First of all, I can officially say I won't be making the Ravelympics deadline with the Urbane sweater. Not only am I totally behind, I'm going to run out of yarn too. I am halfway done with the sleeves and torso, and I have probably about 1.5 skeins left. Also, my excuse is that I didn't get enough knitting time on the plane today. As the flight attendant was coming around to make sure everything was "upright and in a secure position," she saw my knitting -- in the seat back pocket in a closed ziplock bag! -- and says "Your knitting has to be under the seat during takeoff and landing." WTF?!? Like it might come flying out of the seat back pocket and hit me really hard in the face, like a soft pillow might? I'm constantly amused by people who make up weird rules, and sat, knitting-free, until we were "at cruising altitude."

Boise is super cute! The downtown area is really little but very walkable and lovely. We ate at City Diner, which is in an old bank building with lovely stone columns in front.

And it's such a thrill when someone else has made the bed. Woohoo! I wish I could live in a hotel all the time.

We have been given bikes to ride for the weekend, since Boise is such a biker's town. Here is about half of them, waiting for the guests to claim them.

I haven't ridden a bike in over 10 years, so suddenly riding in traffic, without a helmet, is absolutely terrifying. The plan is to walk the bike everywhere, like a civilized person...

Wednesday, August 20, 2008

Uh oh

Perhaps I shouldn't have taken on a full man's sweater in skinny yarn design-and-knitting for the Ravelympics. And maybe I should have realized that the olympics are just over 2 weeks, and that I'd be traveling for all the weekends. In other words, the Urbane sweater may not be finished in time to get a Ravelympics medal. :(

But, the neckband (which had to be redone, arrgh!) and the shoulder caps are done, so from now on it's easy sailing. No nasty picking up stitches, short rows, or other such slower-downers. Here it is so far.

Yup, there are three balls of yarn attached right now, which is not annoying at all. The sleeves will be done together on magic loop, then I'll plan to use up the rest of the yarn on the torso, hoping that there's enough yarn and time to get it done. Send me some cheers!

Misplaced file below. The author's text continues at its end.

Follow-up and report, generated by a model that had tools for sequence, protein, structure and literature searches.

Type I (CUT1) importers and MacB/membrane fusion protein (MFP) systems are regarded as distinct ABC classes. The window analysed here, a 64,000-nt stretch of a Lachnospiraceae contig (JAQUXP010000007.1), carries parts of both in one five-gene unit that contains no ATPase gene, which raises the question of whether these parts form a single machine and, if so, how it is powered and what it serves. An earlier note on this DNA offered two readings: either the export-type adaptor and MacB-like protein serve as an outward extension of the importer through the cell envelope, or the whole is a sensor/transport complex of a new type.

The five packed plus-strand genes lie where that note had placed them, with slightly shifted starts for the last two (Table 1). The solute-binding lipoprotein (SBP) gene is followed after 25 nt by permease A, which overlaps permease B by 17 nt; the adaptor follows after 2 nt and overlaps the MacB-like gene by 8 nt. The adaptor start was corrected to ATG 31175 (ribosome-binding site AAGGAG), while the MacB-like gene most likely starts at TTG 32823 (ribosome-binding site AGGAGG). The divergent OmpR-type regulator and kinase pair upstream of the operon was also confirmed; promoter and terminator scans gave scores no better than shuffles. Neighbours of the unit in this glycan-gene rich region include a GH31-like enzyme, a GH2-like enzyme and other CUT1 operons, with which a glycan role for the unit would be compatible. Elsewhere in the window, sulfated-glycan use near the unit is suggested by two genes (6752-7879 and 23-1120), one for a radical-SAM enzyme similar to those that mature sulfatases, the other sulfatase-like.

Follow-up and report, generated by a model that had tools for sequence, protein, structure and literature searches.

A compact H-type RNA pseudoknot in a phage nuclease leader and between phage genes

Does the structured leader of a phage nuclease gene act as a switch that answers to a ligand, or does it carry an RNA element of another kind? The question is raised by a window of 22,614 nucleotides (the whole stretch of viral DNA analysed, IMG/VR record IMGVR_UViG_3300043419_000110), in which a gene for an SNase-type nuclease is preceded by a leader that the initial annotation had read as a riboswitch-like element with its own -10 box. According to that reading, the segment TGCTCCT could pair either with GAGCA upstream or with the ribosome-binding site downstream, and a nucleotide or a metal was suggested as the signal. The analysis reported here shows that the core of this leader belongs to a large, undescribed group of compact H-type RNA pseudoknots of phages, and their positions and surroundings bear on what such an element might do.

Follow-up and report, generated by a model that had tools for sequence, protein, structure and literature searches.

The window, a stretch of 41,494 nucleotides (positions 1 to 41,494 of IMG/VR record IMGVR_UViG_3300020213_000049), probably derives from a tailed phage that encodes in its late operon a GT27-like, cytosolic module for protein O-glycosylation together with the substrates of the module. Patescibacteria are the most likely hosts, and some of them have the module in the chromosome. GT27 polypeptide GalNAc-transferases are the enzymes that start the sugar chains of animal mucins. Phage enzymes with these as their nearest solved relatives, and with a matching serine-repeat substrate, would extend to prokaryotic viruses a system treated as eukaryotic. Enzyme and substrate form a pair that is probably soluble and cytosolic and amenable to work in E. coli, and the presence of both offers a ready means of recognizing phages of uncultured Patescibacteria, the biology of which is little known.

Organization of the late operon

Tuesday, August 19, 2008

State Fair

This past Sunday was the last day of the State Fair, and after a year of planning, a few of us decided to check out the knitted goodies at the fair. The Missouri and Illinois fairs are at the same time, and at the last minute we decided that the Illinois one was actually closer, and went there instead.

This post is very picture-heavy. You can see the rest in my flickr set here.

One of the funniest things (to me) was a big sign for the fair showing how to get to the different attractions. If you look closely, a very obsessive-compulsive person did the arrows--the thickness, length, and shapes of the arrows are varied to show the locations.
I'll start with the knitting. For the sake of not saying anything if there's nothing good to say, I'll say that my expectations for the knitting at the fair were super high. I expected to be blown away by absolute masterpieces. The whole fair system is somewhat confusing, as the town fairs, county fairs, and state fairs operate independently, and many occur at the same time. So perhaps the virtuoso knitters compete at the county/town level, and didn't show off their goodies here.

Well, there were a lot of bulky fun fur and fairly simple objects, but surely the knitters had a good time knitting them.